This brings us to the plaintiff's second claim that the accident happened on her side of the road. She testified that as they approached the scene of the accident, "My brother was driving on his own side of the road" about three feet from the [right] shoulder, and that she knew this to be so because "she watched the side of the road and saw where the lights were hitting on the sand and shoulder." She added that just before the collision her brother was driving "on his own side of the road." At the moment of the crash, she "felt the car being dragged." It is claimed that at that instant the truck swung back on its own side of the road, pulling the car toward its left, or easterly side of the road. This testimony findably supports this claim as does the defendant's statement that he pulled to his right to avoid the accident. There was evidence of headlight glass and slabwood on the plaintiff's own west side of the road. The fact that this was not observed until around eight o'clock the next morning, while going to the weight of the evidence, does not make it valueless as a matter of law. Some of the occupants of the defendant's truck said the slabwood fell off only on the right or easterly side of the truck and one heard it hitting the blacktop. The defendant admits slabwood was thrown off by the impact. There was evidence that there was "loads of blood" in the center of the road. Also, starting about in the center and four to six feet north of where the headlight glass was scattered, was a "fresh scar" which curved northeasterly. It looked as though it had been made by something "heavy enough to scrape the black surface off and show white pebbles underneath it." This scar or groove, as it was described by one witness, was some six to eight feet long and it stopped about twenty to twenty-five feet southerly of "skid marks." The skid marks were fifteen to twenty-five feet long and ran roughly parallel to the road, curving slightly toward the east and some four to six feet from the east edge. There was also evidence that these marks were made by "the dual wheels of the truck being braked." From *333 where these "heavy skid marks" stopped, a faint mark extended up to where the dual wheels left the surface and ended on the gravel on the easterly side where it appeared a truck had been parked. There was testimony that the truck "moved to the right" after the accident where, as one witness put it, it "curved off the road." The defendant himself admitted the automobile was on its own right side of the road when he first saw it, as did all the other occupants of the truck who were in a position to see it before the accident. After the crash, the automobile was nearly crosswise of the road with its front end about five feet from the easterly edge and the rear extended approximately six feet into the west lane. The car "itself was about halfway of the road," but as one witness said "There was a mudguard and a part of a running board that was ripped off and that was pulled back. It was in back of the car and that took up practically all of the pavement so that I had to pull out on the soft [west] shoulder going by."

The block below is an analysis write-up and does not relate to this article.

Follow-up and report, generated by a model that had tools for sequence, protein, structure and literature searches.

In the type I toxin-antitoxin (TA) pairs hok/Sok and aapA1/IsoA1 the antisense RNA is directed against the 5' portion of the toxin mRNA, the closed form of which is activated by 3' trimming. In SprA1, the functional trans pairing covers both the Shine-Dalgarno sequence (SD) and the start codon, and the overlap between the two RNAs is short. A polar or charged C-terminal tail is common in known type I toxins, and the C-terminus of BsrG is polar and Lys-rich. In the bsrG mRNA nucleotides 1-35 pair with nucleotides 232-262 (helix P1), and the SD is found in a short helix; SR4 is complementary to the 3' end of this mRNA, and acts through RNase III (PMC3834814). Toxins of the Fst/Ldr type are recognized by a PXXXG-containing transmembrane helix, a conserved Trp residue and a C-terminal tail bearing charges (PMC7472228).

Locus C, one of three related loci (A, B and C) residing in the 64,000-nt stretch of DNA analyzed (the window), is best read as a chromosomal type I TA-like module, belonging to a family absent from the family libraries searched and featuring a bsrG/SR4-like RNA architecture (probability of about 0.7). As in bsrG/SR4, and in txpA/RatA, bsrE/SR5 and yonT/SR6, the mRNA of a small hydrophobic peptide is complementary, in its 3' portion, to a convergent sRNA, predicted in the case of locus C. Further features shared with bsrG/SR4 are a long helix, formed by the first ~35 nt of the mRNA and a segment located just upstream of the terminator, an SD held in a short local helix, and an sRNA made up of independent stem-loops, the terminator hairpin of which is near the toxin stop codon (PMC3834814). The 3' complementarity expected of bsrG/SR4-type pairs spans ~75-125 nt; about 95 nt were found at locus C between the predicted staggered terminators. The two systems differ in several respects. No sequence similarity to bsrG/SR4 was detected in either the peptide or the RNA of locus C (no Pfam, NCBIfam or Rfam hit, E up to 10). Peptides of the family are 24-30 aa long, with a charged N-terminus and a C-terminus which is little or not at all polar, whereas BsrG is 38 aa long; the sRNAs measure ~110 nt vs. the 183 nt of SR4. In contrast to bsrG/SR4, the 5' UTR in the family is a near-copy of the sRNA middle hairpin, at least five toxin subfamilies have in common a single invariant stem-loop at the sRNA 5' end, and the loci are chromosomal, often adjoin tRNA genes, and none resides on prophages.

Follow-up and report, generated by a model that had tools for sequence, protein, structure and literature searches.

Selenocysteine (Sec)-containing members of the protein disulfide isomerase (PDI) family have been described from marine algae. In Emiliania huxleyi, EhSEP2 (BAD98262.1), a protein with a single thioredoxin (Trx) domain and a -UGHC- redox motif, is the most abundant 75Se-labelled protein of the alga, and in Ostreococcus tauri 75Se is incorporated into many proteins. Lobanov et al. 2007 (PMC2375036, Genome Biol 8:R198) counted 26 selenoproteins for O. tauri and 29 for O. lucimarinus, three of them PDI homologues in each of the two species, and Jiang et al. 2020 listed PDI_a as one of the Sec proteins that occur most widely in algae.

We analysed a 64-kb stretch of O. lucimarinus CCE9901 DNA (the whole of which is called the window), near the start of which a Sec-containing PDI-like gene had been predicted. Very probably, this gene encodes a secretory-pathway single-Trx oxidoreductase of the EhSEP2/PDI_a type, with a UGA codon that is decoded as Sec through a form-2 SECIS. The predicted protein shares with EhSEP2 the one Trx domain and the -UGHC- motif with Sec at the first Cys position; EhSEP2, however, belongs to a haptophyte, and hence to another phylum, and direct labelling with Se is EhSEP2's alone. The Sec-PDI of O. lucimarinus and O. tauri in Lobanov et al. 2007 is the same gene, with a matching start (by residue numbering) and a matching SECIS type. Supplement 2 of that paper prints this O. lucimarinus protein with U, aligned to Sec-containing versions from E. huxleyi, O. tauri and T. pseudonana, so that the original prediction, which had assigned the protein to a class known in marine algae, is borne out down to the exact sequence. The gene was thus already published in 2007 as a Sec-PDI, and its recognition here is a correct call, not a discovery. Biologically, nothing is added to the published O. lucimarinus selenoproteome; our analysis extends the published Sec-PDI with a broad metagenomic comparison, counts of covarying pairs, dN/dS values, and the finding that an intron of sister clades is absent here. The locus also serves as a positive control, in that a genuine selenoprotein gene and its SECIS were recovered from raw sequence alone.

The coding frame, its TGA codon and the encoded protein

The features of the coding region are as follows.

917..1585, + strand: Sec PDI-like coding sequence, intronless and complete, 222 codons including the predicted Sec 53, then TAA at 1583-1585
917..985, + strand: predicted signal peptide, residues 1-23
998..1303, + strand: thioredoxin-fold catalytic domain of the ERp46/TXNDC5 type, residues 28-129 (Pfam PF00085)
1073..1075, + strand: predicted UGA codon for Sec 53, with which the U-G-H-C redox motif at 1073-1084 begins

The foregoing, we believe, summarizes the major portions of the record on which the plaintiff relies to make out a case for the jury on the issue of whether the accident happened in the east or west lane of the road. We have gone into the matter in more than usual detail because of the defendant's earnest contention that all of this evidence must be disregarded as a matter of law in the face of the testimony of his witnesses which contradicts so sharply that of the plaintiff's. Assuming that indisputable physical facts (cf. Lavigne v. Nelson, 91 N. H. 304) make some of the testimony adduced by the plaintiff regarding certain brake and wheel marks and the inferences drawn therefrom highly improbable or even incredible, there yet remains other evidence sufficient to support her claim that the accident happened on her side of the road. For example, we have the headlight glass and slabwood placed on the west side by some witnesses, and the fact that the plaintiff felt the car being dragged, its position after the accident, and the defendant's admission that when he first noticed the car it seemed to be on its own side. The testimony of the occupants of the defendant's truck that slabwood fell off only on the right or east side of the truck and that one of them heard it hitting the blacktop cannot be dismissed as utterly incredible as a matter of law, and this testimony together with the evidence of the slabwood on the west side would clearly indicate that the accident happened on the west side of the road. As bearing on the accuracy of the defendant's claims on this point, the jury may also have considered his insistence when his deposition *334 was taken the automobile was on his side because "with the yellow line I could see he was on my side." Actually there was no yellow line and the defendant now admits it. It would be an extraordinary departure from settled principles to say that because the defendant's other witnesses denied the presence of any slabwood on the west side, the testimony of these occupants should be utterly disregarded as a matter of law. This is especially true when it is considered that the defendant endeavored and did for a long time keep their presence in his truck a secret from everyone including the authorities. It must also be borne in mind that the load was described as a "high, wide and bulging load" and that the absence of banking in the north bound lane might have had a tendency to cause the driver of the truck to swing over into the south bound lane to take advantage of the banking. In all these details the case differs substantially from the situation in Lavigne v. Nelson, 91 N. H. 304, cited by the defendant as authority for the proposition that he was entitled to a nonsuit and directed verdict, and all the differences are favorable to this plaintiff. It may also be noted that the plaintiff here, placing the automobile on its own side at the crash, was in a far better position to observe its location and did observe it in more detail than did the plaintiffs in the Lavigne case. It is axiomatic that each situation must stand on its own facts, and we think on this record here reasonable men could find the contact occurred in the plaintiff's lane. It follows that since there is evidence of the defendant's negligence and the plaintiff's contributory fault is not an issue, the order is